Malik Nasir Mahmood Aslam describes an important
Remittances going down Pakistani revenues depend to a large extent on remittances sent from abroad and successive Pakistani governments have become used to utilising such amounts as regular chunks of their income portfolios and prepare their budgets accordingly. Pakistan’s reliance on remittances for its foreign exchange has been increasing each year, despite record inflows and record exports in the current financial year. On the other hand, the import bill for the current financial year for goods and services was about $84 billion that has resulted in a large trade gap and has also created a current account deficit of $17.4 billion. However, this large amount of remittances estimated at about $31 billion in the current year could not bridge the trade gap, resulting in the huge current account deficit. The financial managers slashed imports to bring a balance in trade and control the damage on the external front of the economy by minimising the current account deficit.
To make matters more difficult the remittances have shown a clear trend of declining and in the three months period of July to October they fell to $9.9 billion, down 8.6 per cent from $10.8 billion in July-October last year. If the declining trend continues, total remittances in 2023 ending in June, would remain close to $30 billion, lower than the $31 billion that came in 2022. The obvious problem faced by this decline would be the impending failure to keep the current account deficit somewhere around $10 billion in 2023, more so if stagnant exports do not grow much in the remaining eight months of the fiscal year. This is a difficult prospect to face and may make matters more cumbersome for the current finance managers of the coalition government.
It is reported that remittances from Saudi Arabia, UAE, UK and US make up 68.5 per cent of Pakistan’s yearly remittances but lately remittances from there constituting 57.7 per cent of the total share have witnessed a decline and it is forecast that there is scant chance of a reversal of this trend primarily due to economic and expatriate labour market conditions of host countries. The result is that the overseas Pakistanis working in Saudi Arabia, UAE and UK are sending less foreign exchange back home and this amount is less than last year. During July-October this year, remittances from these countries fell by 11.7 per cent, 9.2 per cent and 8.3 per cent, respectively.
The number of overseas Pakistanis in Saudi Arabia is decreasing because expatriate workers from other countries, including India, are outnumbering Pakistanis in professional/managerial jobs. Besides, the growing Saudisation of the labour market and growth in opportunities for overseas workers to set up small businesses in Saudi Arabia has also influenced the volume of foreign exchange sent back home and Pakistan is no exception.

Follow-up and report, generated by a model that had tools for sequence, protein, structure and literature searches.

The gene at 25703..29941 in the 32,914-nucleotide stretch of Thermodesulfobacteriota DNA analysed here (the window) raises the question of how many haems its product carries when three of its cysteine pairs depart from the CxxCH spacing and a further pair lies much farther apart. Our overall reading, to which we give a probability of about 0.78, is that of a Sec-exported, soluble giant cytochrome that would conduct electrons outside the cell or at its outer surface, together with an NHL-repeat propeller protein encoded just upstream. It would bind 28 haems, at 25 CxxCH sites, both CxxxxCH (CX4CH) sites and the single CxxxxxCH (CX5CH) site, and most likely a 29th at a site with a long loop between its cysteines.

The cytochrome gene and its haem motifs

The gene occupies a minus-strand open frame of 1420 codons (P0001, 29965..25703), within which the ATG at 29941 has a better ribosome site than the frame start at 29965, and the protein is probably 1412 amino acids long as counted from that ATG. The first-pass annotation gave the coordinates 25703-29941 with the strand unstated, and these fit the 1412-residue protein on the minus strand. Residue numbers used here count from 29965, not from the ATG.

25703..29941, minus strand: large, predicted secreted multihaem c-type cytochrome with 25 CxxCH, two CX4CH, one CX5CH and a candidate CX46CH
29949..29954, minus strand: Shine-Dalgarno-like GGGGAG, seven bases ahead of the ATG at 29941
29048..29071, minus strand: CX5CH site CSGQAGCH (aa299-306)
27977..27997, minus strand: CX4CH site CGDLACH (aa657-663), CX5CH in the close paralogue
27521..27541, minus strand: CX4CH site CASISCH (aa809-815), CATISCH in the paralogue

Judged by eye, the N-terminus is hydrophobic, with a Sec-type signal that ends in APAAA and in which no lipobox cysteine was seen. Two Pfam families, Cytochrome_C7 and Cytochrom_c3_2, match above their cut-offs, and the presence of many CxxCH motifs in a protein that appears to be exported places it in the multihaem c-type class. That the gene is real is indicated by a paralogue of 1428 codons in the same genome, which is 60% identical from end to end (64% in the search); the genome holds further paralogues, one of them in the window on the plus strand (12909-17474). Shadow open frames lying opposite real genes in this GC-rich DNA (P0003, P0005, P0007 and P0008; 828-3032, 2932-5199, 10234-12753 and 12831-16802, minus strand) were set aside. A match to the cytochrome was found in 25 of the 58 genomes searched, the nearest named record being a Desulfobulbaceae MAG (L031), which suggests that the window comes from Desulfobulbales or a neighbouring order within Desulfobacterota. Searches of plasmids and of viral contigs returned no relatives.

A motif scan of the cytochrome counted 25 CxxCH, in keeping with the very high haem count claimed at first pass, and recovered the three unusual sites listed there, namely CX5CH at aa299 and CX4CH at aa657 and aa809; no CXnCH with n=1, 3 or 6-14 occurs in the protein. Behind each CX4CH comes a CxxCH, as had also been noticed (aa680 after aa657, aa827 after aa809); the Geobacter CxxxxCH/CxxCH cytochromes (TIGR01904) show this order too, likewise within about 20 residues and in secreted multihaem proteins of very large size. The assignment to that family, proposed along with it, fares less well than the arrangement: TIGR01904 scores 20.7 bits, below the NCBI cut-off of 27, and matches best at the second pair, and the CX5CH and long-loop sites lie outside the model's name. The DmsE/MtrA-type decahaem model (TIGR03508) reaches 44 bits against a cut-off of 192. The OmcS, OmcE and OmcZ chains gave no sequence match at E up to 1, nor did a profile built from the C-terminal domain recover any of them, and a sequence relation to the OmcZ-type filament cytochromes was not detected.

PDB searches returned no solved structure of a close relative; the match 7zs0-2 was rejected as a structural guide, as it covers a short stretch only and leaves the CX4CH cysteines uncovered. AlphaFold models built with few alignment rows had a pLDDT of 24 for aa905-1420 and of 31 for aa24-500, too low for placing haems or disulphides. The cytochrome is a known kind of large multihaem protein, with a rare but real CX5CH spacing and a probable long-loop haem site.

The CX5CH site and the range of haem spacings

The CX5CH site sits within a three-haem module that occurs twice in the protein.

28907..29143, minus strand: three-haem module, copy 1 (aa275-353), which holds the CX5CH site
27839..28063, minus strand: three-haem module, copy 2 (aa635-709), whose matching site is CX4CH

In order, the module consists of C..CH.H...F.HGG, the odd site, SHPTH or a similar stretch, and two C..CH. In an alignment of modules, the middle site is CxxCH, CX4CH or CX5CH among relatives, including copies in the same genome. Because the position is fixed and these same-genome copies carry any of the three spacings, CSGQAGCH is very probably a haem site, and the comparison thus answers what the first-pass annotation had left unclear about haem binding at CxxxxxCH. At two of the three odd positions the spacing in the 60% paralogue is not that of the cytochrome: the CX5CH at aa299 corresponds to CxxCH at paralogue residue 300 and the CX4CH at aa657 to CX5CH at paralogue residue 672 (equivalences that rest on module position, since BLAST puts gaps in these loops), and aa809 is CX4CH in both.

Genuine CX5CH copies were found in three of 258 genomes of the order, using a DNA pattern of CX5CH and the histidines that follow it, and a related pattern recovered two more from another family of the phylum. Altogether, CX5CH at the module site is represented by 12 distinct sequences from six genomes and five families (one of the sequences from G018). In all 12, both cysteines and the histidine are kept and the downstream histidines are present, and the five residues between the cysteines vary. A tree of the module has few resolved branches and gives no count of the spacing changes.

Same is the condition with the remittances coming to Pakistan from the UAE with varying degrees of intensity and they have also decreased. The UAE is a global financial and trading hub that offers greater opportunities for expatriate workers to use earnings to invest in UAE-based businesses. With the passage of time such opportunities became more attractive for overseas Pakistanis particularly in the wake of consistent political uncertainty back home. On the contrary, they come across a growing number of resident Pakistanis who continue to invest in the UAE’s real estate and retail sectors.
The result is a 9.2 per cent fall in remittances from the UAE from $2.08 billion in July-Oct 2021 to $1.89 billion in July-Oct 2022 that can also be explained by a sharp decline in the number of Pakistani workers going there during the past two years. In 2020 and 2021, only 81,118 went on a work visa to the UAE, mainly because of Covid-19-related travel restrictions against 211,270 in 2019 alone. Between January and October this year, 108,573 Pakistanis went there for work. By the end of the year, this number could rise to 130,000 or so, but that too would be far below what it was in 2019 — and even earlier.
Saudi Arabia’s case is not different. The decline in remittances from the kingdom: from $2.785 billion in July-Oct 2021 to $2.459 billion in July-Oct 2022 can be partly explained in the context of labour export. In the last two years, 292,153 Pakistanis went on a work visa to Saudi Arabia; in 2019 alone, 332,764 workers went there. The number is growing rapidly; 429,649 in 10 months of 2022 but larger export of workforce takes time to translate into larger remittances. Remittances from Saudi Arabia may start growing sometime in the middle of 2023 or early 2024.
During July-October 2022, remittances from the UK slipped to $1.368 billion from more than $14.92 billion during July-October 2021 but the reasons for this decline are different as the UK is facing 41-year high consumer inflation; 11.1 per cent in October and 45-year high food inflation 16.4 per cent in October. This has eroded the savings of people including expatriates with decline in remittances. Besides, the UK economy has already contracted 0.2 per cent in the July-September quarter and the Bank of England fears that this downturn could last deep into 2024. Dwindling remittances from there is a direct reflection of this fact. TW